Just Go With It review (Blu-ray)

You can count the decent films that Sandler has done on one hand (and you can count Aniston's on one finger), so Just Go With It is the kind of movie that hardened critics sit down to watch just knowing they'll hate it, their poison pens ready to rip it to shreds. But to my great surprise ... I don't hate it.

Yes, it's a standard formulaic rom-com; you know from the start exactly how it will end – Sandler and Aniston finally realising what the audience has known all along, that they're madly in love and just meant for each other; that they'll walk off into the sunset, hand-in-hand, to live happily ever after. And, of course, they do. But the trip along the way is entertaining and actually quite funny in places. Sandler plays Danny, a single LA plastic surgeon who wears a wedding ring to help him pick up women. But when he meets the woman of his dreams – an ultra-hot schoolteacher who's half his age (Decker) – Danny has to enlist the help of his divorced assistant Katherine (Aniston) and her two kids to play the part of his soon-to-be-ex family. As lie builds upon lie, the happy little group ends up travelling to Hawaii for a "get to know you" holiday, where hilarity ensues.

Well, not so much "hilarity" as "quite a few chuckles". Just Go With It is a remake of the terrific 1969 film Cactus Flower, which starred Walter Matthau, Ingrid Bergman and Goldie Hawn. And that film was itself based on a French play, Fleur de cactus. So the source material has a pretty good pedigree, and Sandler and co manage not to screw it up royally. Sandler fans – particularly of his earlier works such as Happy Gilmore, Happy Madison and The Waterboy – will find much to enjoy here. Ditto Aniston fans, although as always she's cruising along just playing a variation on Rachel from Friends. Kidman, as an old college rival of Aniston's, proves once again that she's morre adept at drama than comedy (see Rabbit Hole, for example). And newcomer Decker, who rose to fame as a Sports Illustrated swimsuit model, show's that she's more than just a pretty face and smoking hot body (and keep an eye out for the waterfall scene, in which Aniston is pretty smoking hot herself).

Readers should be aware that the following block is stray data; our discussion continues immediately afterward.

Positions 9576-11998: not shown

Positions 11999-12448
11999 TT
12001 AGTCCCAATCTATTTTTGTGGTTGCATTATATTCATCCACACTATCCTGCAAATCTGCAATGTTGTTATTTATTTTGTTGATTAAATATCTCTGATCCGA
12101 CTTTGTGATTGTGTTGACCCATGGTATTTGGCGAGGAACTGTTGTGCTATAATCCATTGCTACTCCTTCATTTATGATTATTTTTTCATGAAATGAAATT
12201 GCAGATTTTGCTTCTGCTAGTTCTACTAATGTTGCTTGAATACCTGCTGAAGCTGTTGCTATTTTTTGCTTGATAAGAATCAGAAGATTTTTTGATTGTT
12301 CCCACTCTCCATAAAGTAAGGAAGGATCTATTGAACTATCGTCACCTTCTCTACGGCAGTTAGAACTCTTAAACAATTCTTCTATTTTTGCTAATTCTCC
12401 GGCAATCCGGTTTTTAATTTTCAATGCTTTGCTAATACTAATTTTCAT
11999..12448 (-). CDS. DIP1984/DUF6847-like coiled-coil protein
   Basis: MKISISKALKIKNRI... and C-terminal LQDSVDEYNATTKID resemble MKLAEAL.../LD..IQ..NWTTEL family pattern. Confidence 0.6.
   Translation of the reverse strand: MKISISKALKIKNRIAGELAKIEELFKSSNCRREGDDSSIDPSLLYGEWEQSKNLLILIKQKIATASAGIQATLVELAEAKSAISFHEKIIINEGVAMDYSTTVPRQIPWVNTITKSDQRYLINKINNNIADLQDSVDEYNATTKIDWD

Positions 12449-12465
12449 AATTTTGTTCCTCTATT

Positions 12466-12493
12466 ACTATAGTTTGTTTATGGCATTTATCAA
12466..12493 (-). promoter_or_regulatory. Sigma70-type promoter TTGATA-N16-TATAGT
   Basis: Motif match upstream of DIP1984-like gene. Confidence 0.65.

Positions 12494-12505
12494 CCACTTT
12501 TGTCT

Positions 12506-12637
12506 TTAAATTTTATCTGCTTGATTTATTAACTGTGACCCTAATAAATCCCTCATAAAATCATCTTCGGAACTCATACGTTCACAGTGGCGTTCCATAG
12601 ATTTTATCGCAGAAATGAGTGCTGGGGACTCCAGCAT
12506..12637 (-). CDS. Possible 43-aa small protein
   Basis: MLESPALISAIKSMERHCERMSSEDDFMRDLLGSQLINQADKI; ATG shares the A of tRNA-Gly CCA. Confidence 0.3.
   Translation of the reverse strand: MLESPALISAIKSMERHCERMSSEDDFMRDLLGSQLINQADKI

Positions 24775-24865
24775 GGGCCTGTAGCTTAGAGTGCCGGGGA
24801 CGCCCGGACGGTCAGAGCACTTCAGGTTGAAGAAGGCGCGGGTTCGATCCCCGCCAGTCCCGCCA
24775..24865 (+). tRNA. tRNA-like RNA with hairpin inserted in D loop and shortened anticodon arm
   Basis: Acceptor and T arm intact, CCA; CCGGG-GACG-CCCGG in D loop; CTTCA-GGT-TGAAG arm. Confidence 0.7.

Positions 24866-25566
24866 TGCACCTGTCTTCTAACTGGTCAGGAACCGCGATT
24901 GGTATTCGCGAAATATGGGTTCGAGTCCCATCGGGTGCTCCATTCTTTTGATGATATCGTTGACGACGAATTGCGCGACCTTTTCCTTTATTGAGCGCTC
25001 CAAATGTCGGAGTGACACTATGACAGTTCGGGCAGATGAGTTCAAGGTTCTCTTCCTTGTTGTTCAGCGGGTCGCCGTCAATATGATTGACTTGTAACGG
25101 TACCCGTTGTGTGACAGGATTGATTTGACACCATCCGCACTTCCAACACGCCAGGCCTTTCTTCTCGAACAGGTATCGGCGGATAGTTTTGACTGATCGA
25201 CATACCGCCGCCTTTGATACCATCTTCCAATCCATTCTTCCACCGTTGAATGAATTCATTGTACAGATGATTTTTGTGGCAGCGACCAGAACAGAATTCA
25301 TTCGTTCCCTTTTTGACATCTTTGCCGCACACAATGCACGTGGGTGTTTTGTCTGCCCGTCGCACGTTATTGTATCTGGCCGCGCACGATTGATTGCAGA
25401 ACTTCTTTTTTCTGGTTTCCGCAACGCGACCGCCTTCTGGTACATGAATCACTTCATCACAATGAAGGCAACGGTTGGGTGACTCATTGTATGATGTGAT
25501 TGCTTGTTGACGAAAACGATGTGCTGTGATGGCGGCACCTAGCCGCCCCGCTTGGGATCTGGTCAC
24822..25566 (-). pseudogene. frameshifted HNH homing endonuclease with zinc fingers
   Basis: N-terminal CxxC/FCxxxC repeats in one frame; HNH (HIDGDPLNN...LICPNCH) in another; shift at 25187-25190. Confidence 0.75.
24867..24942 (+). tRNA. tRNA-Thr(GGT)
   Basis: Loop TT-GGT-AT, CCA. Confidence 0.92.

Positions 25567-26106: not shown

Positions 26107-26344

It's a decent, mildly entertaining farce – whatchable and amusing, but pretty forgettable afterwards. Still, it's a not a bad choice for a date movie.

EXTRAS ★★★ An audio commentary with stars Sandler and Nick Swardson, and producers Allen Covert, Tim Herlihy and Steve Koren; an audio commentary with director Dugan; 16 deleted scenes; a censored gag reel (4:39); 12 featurettes – The Perfect Couple: Jen and Adam (5:51), Dolph: Not The One From Rocky IV (6:11), Shooting Hawaii (5:35), Adon: Living Plastic (2:30), Along Came a Prop Guy (2:53), Decker’s Got Gas (2:19), Kevin Nealon: The Plastic Man (5:31), What’s A Dugan? (5:27), Look Who Else Is In The Movie (2:40), Sneaky Kiki & Bart the Water Fart (1:31), The Not So Perfect Couple (3:52), and Decker’s First Role (4:20); trailers.

Stuart O'Connor is the Managing Editor of Screenjabber, the movie review website he co-founded with Neil Davey far too many years ago. He likes all genres, as long as the film is good (although he does enjoy the occasional bad "guilty pleasure"), and drinks way too much coffee.

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